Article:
He repeated as Shoreline cross country champion this fall in a time of 16:17 over 5K, 25 seconds better than runner-up Alexandre’ McMillian of East Hampton, but both the State Open and New England races fell off the schedule because of COVID-19.
What an indoor season will look like in January remains to be seen. The first day of practice is Jan. 19, but that date was established months ago, long before the resurgence in positive coronavirus cases. The Connecticut Department of Public Health is expected to set final guidelines in the coming weeks for CIAC review.
“I just want to have an opportunity to run. I’m training by myself right now, but once we get a little bit further into the new year, I’d like to think there will be opportunities where I can compete indoors and outdoors,” Jennings said.
At Yale, he anticipates running cross country at some point, but he wants to establish himself in the 1,000 meters right away.
“To be completely honest, cross country in college is a big jump from high school,” he said. “I’m looking forward to cross country once I get a year of training under my legs. But indoor and outdoor, something that pulled me into the Ivy League is indoor track has the 1,000 meters. I’ve focused a lot on the 1,000 indoors and it’s not run much anymore, but they do run it a lot in Ivy League meets.”
It’s apparent that his and the Yale program’s interests are aligned.
“At 6-foot-5 Matt has the perfect runner’s body,” Diglio said. “He’s one of those rare runners with speed and strength, and I think he can be successful from the 400 up to the 5,000 meters. I think his future coach at Yale (Harkins) sees him anywhere from a 1,000 to 1,600 runner, and I think Matt was happy to hear his coach say that’s where he sees him fitting in.”
Jennings, who will study ethics, politics and economics as one major at Yale, is invested in issues that overlap with sports and society and is involved with two groups that are of great importance to him. One is the CIAC-sponsored Student Equity Advisory Board. The board pairs student reps from around the state with educators to identify inequity in schools and athletics. They share ideas about ways to create more equitable experiences for student-athletes.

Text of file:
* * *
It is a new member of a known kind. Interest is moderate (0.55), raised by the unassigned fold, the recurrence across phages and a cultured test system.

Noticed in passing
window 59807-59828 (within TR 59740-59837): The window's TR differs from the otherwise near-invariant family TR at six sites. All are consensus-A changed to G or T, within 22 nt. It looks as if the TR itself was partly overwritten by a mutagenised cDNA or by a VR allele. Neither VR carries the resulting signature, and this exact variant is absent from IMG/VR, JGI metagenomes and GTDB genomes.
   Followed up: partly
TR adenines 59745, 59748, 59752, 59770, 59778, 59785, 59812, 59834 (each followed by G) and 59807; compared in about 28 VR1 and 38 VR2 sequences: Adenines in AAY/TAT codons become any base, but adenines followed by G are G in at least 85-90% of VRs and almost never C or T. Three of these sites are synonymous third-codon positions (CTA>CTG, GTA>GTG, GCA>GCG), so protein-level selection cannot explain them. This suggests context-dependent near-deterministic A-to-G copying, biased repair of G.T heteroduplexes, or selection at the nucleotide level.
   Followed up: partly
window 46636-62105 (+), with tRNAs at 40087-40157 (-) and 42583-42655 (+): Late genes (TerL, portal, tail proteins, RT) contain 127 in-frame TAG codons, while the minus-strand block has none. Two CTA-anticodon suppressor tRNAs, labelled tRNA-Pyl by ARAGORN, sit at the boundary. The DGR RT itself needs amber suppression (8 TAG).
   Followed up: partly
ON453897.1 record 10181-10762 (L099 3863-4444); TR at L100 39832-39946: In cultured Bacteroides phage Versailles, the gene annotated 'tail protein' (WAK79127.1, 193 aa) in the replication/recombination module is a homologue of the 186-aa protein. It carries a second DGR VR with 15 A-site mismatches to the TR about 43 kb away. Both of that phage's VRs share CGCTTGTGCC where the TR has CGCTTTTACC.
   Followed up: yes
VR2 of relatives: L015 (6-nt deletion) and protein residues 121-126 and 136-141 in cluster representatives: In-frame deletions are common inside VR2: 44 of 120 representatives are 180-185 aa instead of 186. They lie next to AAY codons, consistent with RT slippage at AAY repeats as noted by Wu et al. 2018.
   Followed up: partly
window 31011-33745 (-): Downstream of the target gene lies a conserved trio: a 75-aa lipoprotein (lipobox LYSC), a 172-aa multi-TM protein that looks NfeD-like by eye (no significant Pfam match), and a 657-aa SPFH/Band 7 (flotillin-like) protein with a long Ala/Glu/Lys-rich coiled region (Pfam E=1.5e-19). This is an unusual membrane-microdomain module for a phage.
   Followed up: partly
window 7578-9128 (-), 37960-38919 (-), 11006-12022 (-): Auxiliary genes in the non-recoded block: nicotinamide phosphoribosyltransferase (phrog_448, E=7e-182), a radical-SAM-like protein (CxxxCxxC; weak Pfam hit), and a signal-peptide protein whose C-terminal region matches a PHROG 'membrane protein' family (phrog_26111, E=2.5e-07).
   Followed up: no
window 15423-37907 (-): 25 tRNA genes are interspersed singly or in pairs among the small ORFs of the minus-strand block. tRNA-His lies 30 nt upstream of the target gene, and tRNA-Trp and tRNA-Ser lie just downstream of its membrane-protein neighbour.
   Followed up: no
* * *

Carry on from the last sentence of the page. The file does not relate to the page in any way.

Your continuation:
Another is his position as the senior student representative with the Regional School District 17 Board of Education. Among other things, Jennings, a second-year rep, provides feedback to the board on current issues at H-K and answers any questions about student life they might have.
In 2020, mental health has been a front-and-center point of discussion .
“Our administration has done a good job taking a deeper look into students’ mental health,” Jennings said, “and how to provide a support system for those who are struggling. Student reps are trained in ‘Question, Persuade and Refer’ — suicide awareness-type training. This is not new, but it has expanded to the student body, just being able to identify the times when someone might need help. I’m excited for the steps we’re taking.”
For his involvement with the RSD 17 Board of Ed and the student equity board, Jennings appreciates the experiences of meeting with adults “who are willing and ready to listen to students’ perspectives.
“It’s an opportunity that I wouldn’t trade for anything,” he said. “This can help me to grow to be better equipped to make a difference in my community.
“I’m not quite sure what I want to do with my life, but I certainly want to make the opportunities I have had more accessible to people who might not have the same privileges, to students who are in underserved schools or underfunded school districts. I’m willing to do the work and have conversations.”